Intervention code [1] 298162 0
Treatment: Devices
Comparator / control treatment
Standard wound dressing
Following excision of the pilonidal sinus and primary closure of the wound with sutures, an appropriately-sized standard dressing will placed on the closed wound at the end of the operation in the operating theatre. The standard dressing used will be determined by the surgeon operating and will be one which is commonly used to cover an excised pilonidal sinus. This dressing will remain in place for 14 days post-operatively or until it comes off itself. The dressing will be applied by a clinical nurse specialist or other member of the treating team appropriately trained in the application of these dressings. During the follow-up appointments in the Outpatients Clinic in the first 14 days (on days 3, 7, 10 and 14), the dressing will be reviewed by the clinical nurse specialist or member of the treating team and, if required, adjusted to ensure it is correctly placed.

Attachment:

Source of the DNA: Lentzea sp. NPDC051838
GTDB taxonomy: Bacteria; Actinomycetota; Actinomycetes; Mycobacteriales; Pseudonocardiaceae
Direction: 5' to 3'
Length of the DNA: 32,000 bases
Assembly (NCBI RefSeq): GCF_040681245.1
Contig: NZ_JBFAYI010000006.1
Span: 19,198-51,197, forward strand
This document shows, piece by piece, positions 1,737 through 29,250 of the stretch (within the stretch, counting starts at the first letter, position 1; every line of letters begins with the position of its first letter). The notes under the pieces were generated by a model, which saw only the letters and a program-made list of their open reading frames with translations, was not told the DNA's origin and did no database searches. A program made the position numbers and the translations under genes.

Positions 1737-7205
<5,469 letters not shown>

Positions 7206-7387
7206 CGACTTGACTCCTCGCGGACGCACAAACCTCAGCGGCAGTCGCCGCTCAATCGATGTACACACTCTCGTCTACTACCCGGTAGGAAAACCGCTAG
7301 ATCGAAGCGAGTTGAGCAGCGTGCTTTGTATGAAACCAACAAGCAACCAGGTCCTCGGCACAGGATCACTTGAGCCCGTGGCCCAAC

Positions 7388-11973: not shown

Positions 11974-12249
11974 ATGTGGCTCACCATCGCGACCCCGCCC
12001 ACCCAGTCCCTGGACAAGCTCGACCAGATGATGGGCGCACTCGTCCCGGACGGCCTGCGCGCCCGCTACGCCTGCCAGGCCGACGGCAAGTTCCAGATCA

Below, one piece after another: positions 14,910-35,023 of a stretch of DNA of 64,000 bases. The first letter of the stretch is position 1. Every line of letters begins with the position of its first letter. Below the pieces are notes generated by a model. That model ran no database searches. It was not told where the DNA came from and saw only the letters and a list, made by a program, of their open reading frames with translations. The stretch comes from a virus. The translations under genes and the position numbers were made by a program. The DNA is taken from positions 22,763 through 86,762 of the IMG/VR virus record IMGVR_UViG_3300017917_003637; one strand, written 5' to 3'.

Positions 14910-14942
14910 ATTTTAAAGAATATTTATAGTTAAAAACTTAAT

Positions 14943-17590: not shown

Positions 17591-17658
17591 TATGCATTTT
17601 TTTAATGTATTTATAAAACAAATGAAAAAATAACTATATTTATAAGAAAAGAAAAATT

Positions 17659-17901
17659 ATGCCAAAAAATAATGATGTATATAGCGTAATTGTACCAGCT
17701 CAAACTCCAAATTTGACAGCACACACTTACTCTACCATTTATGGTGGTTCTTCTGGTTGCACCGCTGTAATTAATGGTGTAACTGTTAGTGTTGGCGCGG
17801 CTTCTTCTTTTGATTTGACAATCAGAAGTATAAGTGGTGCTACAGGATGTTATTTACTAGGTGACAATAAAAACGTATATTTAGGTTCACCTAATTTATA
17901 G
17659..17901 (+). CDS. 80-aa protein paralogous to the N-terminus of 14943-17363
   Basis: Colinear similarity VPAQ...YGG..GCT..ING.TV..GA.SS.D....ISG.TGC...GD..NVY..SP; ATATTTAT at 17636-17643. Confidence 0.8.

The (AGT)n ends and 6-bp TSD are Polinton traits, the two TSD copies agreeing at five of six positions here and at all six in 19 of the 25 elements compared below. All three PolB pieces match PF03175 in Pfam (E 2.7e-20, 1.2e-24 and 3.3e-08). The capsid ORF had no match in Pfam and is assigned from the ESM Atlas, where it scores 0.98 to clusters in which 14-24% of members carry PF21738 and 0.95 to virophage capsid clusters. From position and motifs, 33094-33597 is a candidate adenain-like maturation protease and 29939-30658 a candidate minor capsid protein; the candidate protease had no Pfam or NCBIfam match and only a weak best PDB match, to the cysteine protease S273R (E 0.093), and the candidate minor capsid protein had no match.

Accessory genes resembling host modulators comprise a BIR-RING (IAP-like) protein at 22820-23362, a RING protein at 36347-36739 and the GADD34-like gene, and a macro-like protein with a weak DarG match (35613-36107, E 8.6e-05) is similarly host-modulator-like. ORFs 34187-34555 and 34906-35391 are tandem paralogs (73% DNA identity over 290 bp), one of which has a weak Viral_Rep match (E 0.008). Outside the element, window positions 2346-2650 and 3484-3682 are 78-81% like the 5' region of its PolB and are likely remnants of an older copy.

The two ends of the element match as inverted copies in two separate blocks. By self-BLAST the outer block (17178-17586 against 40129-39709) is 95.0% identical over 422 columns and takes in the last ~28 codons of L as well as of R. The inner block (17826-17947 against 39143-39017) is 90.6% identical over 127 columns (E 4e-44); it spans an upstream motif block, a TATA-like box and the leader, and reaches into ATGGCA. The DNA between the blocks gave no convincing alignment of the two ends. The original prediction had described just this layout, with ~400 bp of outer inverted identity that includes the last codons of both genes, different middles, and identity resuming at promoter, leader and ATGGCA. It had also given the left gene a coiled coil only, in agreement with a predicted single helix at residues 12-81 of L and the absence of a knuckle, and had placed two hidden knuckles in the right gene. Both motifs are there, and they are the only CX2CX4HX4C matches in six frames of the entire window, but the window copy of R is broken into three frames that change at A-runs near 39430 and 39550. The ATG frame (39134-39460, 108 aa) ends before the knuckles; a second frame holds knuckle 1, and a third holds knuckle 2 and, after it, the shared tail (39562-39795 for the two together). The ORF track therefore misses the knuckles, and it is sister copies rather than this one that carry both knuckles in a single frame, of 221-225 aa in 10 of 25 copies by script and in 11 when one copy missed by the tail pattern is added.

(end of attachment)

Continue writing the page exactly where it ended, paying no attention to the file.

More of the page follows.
Control group
Active

Outcomes
Primary outcome [1] 302231 0
Rate of wound dehiscence (breakdown) in each group as assessed by a clinical nurse specialist or other member of the treating team who will review the wound at each follow-up appointment to assess whether wound dehiscence has occurred
Timepoint [1] 302231 0
Within the first 6 months post-operatively
The presence of wound dehiscence will be assessed at the follow-up appointments (follow-up appointments will be on days 3, 7, 10 and 14 post-operatively and then weekly in the Outpatients Clinic until the wound has healed as well as follow-ups at 2 months post-operatively and phone/email follow-up at 6 months post-operatively).
Secondary outcome [1] 335241 0